The chair in the photograph is described in print as "a 'Clissett Highback chair', an elm ladderback armchair with rush seat made in the Cotswold workshop of Ernest Gimson and Edward Gardiner and named after the Hereford chair bodger Philip Clissett who taught Gimson the craft".
Close examination of this photographs indicates (to me) that this chair was actually made by Philip Clissett himself - based on the shaping of the slats and finial. In addition, the photograph is data c1904 which essentially counts Gardiner out as maker. There's plenty more wrong with the above description of the chair.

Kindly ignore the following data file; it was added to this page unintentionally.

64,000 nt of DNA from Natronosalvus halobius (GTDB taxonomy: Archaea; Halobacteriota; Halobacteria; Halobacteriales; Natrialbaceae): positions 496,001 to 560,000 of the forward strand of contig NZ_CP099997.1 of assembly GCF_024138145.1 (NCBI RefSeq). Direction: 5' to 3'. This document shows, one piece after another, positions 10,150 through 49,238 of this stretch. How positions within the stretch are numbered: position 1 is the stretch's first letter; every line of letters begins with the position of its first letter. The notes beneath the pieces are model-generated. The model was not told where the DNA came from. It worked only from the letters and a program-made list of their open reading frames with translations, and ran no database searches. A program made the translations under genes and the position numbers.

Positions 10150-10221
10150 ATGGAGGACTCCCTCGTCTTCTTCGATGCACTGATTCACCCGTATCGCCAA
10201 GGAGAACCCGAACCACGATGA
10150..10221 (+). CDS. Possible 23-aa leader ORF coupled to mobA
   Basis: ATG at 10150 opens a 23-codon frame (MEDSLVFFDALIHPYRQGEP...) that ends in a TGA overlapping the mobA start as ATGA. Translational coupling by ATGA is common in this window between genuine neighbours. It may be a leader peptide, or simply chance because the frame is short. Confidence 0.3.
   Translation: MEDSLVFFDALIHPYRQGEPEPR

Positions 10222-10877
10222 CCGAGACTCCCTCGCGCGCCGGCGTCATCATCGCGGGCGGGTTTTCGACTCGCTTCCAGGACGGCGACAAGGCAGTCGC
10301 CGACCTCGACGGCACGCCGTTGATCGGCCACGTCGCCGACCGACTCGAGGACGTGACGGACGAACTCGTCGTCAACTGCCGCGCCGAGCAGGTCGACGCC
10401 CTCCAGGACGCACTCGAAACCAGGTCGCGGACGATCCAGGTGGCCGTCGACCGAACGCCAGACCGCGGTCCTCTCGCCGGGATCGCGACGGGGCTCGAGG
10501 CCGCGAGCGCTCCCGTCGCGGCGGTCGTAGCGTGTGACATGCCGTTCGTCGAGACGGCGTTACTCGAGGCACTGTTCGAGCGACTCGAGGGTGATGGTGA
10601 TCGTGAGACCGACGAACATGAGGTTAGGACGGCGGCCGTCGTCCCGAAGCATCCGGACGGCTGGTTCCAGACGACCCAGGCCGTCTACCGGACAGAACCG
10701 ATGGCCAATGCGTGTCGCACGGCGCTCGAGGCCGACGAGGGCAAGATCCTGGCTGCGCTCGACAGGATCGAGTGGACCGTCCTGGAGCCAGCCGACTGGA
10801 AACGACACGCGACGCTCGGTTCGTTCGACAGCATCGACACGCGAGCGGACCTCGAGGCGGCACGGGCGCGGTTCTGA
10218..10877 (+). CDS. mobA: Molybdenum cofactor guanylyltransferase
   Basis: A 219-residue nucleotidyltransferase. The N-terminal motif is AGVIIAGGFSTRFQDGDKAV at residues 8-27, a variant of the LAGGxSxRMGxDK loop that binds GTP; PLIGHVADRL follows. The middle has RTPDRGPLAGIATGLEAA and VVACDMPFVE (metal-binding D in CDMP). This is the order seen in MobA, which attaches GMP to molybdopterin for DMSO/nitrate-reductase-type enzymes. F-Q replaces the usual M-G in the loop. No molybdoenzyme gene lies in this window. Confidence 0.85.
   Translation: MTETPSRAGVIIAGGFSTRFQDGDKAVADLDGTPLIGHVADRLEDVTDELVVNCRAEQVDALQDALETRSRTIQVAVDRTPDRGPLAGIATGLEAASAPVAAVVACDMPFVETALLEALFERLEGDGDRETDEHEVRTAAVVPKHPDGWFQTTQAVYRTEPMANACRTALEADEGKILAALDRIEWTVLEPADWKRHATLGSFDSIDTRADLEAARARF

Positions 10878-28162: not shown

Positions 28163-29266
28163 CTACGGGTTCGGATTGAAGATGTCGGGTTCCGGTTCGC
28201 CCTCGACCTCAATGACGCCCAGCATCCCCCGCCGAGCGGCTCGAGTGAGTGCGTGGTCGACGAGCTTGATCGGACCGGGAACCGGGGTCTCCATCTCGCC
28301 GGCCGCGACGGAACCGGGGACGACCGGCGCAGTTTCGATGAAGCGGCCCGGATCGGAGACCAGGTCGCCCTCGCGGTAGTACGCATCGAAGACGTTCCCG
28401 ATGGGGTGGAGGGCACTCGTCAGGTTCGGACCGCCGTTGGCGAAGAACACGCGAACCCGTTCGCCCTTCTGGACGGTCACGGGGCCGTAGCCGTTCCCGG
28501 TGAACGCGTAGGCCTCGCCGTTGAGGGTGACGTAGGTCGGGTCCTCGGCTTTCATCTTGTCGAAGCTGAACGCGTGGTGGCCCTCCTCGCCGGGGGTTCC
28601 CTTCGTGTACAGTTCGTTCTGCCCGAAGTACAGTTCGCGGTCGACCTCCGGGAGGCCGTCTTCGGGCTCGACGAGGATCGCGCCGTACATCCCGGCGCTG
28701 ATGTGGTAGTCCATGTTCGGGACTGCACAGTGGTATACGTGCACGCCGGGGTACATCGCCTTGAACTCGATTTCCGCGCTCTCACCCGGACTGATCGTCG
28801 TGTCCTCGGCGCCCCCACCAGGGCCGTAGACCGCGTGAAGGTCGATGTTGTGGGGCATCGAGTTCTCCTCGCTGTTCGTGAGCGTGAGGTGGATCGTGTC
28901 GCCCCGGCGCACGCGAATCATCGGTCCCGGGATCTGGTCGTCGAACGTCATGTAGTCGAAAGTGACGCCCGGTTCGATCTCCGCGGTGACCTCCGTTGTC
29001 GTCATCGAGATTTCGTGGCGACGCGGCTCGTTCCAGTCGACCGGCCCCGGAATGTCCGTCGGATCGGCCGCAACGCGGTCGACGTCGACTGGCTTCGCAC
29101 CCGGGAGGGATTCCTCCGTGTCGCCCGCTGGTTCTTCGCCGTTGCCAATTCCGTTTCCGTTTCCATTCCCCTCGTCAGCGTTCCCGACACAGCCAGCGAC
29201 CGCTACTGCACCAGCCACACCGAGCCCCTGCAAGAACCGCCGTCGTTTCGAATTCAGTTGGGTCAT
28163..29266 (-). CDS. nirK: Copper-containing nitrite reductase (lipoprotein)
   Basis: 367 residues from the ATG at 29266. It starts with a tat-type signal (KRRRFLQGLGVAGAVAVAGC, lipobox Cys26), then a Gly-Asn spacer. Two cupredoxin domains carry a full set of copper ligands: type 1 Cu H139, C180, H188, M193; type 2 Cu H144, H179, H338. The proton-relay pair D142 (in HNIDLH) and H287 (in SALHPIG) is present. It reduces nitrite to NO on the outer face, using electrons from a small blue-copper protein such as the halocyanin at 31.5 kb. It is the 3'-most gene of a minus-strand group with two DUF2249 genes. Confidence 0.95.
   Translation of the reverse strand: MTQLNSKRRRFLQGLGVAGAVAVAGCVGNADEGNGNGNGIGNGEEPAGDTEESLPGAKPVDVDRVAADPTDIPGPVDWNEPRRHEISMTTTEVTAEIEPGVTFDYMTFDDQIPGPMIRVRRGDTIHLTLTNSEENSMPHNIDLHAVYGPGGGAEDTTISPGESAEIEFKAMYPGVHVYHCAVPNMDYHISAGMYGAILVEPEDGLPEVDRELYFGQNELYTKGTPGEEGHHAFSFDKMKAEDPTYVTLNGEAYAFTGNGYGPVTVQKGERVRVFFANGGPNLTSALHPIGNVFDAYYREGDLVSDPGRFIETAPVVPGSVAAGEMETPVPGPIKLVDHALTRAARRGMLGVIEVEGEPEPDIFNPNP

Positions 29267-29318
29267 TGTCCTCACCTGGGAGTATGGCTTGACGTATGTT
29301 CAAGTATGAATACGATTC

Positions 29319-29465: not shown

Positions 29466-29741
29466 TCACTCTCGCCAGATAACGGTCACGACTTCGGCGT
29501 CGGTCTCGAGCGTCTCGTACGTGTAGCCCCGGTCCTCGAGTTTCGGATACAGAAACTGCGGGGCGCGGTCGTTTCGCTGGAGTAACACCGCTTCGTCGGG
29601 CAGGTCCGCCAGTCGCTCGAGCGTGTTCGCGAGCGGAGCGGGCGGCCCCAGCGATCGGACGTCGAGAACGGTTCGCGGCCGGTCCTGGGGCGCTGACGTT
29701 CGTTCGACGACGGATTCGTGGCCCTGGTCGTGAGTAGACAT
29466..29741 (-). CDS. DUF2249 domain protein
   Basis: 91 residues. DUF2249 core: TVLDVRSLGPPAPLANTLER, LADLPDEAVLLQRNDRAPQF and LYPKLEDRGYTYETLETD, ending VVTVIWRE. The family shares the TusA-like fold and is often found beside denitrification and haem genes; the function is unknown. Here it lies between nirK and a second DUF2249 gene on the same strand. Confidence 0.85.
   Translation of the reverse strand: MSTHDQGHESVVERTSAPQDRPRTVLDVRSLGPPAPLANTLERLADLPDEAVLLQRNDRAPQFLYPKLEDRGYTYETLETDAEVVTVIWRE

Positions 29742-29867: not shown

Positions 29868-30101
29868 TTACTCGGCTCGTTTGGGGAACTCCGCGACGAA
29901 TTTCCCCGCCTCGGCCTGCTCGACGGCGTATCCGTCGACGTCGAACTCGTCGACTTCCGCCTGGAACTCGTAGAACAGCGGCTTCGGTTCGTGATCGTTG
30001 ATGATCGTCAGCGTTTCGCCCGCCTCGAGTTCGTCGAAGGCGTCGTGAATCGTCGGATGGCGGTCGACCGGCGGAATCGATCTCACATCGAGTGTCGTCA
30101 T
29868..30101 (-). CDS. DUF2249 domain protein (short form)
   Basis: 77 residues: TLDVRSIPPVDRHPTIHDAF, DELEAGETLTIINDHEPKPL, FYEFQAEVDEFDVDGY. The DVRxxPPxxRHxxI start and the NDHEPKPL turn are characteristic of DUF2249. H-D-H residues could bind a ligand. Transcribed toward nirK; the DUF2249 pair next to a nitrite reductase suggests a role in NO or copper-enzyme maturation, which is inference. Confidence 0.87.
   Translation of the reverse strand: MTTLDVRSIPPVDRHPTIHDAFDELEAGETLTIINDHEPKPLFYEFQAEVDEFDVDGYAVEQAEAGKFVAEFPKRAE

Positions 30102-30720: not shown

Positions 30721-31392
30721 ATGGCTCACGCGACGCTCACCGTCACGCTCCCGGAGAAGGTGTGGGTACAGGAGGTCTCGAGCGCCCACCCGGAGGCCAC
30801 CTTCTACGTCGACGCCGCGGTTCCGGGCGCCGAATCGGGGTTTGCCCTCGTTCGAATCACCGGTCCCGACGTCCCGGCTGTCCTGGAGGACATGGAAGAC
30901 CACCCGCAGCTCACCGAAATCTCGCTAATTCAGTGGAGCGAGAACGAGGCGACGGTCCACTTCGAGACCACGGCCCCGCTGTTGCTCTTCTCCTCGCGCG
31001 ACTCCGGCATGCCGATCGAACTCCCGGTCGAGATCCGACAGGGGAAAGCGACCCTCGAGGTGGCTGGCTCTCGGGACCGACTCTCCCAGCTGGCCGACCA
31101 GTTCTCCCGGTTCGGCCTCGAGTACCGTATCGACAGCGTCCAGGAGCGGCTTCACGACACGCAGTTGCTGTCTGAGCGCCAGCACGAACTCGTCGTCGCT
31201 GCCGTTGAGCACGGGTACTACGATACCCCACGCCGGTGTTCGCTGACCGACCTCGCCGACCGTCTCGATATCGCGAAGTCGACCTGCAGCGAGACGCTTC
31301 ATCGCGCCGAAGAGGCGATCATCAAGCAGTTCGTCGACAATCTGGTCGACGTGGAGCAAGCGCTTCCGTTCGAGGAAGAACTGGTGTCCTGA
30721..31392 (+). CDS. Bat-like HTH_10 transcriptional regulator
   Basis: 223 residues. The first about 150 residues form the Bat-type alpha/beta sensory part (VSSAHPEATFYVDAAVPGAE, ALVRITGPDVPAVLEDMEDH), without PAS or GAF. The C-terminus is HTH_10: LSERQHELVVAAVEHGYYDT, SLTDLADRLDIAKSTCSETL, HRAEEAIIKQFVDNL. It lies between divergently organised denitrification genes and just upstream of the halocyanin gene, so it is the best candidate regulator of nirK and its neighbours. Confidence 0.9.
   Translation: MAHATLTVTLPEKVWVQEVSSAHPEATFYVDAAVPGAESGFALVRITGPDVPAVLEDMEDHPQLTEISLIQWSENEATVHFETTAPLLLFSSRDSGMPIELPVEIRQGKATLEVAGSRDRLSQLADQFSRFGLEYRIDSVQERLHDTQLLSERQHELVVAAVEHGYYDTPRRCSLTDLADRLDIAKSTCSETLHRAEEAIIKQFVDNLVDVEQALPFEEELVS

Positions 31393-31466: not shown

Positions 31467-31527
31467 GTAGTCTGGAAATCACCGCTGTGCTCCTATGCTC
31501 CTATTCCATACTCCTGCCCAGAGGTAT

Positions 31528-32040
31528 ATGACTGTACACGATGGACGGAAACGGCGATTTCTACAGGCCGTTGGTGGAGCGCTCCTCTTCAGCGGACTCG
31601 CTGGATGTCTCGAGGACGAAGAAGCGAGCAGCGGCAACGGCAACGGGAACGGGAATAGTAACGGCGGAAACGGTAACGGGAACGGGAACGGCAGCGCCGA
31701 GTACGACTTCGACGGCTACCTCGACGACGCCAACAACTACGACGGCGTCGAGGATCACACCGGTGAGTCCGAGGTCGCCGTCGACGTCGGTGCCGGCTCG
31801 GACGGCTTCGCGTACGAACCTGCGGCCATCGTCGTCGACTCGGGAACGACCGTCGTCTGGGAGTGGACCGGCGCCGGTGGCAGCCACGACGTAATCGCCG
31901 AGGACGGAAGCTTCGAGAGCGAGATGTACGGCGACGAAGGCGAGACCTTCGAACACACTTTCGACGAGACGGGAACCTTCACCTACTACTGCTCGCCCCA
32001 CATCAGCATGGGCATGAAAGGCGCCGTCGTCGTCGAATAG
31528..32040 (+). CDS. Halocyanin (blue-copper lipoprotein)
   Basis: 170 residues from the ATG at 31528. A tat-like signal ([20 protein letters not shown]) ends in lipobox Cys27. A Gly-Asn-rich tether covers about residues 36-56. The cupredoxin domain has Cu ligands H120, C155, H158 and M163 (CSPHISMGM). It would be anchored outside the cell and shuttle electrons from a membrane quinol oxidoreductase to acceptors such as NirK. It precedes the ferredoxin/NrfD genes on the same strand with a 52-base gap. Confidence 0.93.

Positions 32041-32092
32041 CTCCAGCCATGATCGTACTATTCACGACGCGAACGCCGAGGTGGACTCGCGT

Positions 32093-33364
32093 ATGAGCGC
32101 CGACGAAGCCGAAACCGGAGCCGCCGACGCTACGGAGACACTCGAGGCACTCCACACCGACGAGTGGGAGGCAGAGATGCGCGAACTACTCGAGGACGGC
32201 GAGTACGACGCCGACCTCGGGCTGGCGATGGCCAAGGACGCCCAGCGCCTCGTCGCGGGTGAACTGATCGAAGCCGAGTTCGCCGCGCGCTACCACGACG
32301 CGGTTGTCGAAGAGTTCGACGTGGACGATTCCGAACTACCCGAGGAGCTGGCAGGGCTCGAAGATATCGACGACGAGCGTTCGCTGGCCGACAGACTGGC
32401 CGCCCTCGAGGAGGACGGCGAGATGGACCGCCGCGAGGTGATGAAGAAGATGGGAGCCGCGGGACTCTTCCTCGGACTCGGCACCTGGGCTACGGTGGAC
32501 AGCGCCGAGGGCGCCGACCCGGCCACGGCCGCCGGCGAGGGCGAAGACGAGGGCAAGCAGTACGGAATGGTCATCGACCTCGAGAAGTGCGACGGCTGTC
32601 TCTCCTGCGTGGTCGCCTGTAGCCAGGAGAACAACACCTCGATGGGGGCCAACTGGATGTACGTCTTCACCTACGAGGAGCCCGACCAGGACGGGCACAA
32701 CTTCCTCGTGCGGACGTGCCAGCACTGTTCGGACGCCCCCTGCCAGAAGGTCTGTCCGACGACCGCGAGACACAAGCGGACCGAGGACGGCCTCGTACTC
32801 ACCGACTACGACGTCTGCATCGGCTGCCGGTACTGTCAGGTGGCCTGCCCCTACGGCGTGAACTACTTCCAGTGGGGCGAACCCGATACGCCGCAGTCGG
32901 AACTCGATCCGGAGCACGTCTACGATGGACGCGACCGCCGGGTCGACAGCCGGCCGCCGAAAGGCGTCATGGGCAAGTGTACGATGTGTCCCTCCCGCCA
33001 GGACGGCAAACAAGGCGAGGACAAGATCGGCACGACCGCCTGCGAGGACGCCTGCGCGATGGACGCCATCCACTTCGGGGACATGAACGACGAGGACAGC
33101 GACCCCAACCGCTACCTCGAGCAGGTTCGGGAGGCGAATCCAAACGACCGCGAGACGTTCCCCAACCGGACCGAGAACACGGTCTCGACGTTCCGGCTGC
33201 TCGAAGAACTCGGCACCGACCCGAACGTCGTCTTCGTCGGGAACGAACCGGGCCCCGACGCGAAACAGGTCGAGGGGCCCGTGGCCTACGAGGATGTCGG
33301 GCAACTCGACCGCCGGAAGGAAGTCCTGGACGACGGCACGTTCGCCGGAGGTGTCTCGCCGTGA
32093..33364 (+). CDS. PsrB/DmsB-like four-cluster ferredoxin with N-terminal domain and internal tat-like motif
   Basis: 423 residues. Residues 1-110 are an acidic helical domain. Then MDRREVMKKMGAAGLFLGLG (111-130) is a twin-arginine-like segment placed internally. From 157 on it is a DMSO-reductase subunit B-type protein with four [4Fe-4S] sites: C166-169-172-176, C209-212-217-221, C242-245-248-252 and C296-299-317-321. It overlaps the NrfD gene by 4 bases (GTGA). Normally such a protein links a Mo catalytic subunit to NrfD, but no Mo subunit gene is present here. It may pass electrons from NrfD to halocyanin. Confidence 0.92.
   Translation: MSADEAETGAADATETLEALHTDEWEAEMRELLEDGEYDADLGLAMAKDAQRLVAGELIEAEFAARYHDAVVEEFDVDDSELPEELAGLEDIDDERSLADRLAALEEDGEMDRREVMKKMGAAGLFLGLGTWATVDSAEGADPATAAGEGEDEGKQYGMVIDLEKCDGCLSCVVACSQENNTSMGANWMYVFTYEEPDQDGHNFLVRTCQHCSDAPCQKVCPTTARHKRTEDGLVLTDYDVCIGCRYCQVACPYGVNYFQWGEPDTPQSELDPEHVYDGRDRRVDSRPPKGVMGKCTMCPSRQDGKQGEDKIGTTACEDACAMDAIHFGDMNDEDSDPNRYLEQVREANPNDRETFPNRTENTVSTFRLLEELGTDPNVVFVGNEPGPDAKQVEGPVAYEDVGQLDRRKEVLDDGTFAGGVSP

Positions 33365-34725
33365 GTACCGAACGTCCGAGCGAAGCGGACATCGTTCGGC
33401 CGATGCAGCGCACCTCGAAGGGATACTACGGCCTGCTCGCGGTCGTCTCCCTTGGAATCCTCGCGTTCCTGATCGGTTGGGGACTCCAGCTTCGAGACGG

The chair would, of course, have been made from ash rather than elm. Clissett wasn't from Hereford, but from Bosbury in Herefordshire, close to the border with his home county of Worcestershire. Clissett wasn't a bodger (a Chilterns maker of turned parts) but a chairmaker - he made complete chairs. It can probably be argued that he didn't teach Gimson the craft as Gimson only spent a short time at Clissett's workshop, doesn't appear to have learnt how to make rush seats, and wasn't very good at making chair frames, according to Edward Gardiner.
Details of Barn Close, Scott-Nicholson and his Clissett chair came from:
Whittaker E. (2018). On the Border: Barn Close and the evolution of the Arts and Crafts interior, 1902–1931. The Journal of the Decorative Arts Society 1850 - the Present. No. 42 (2018), pp. 90-109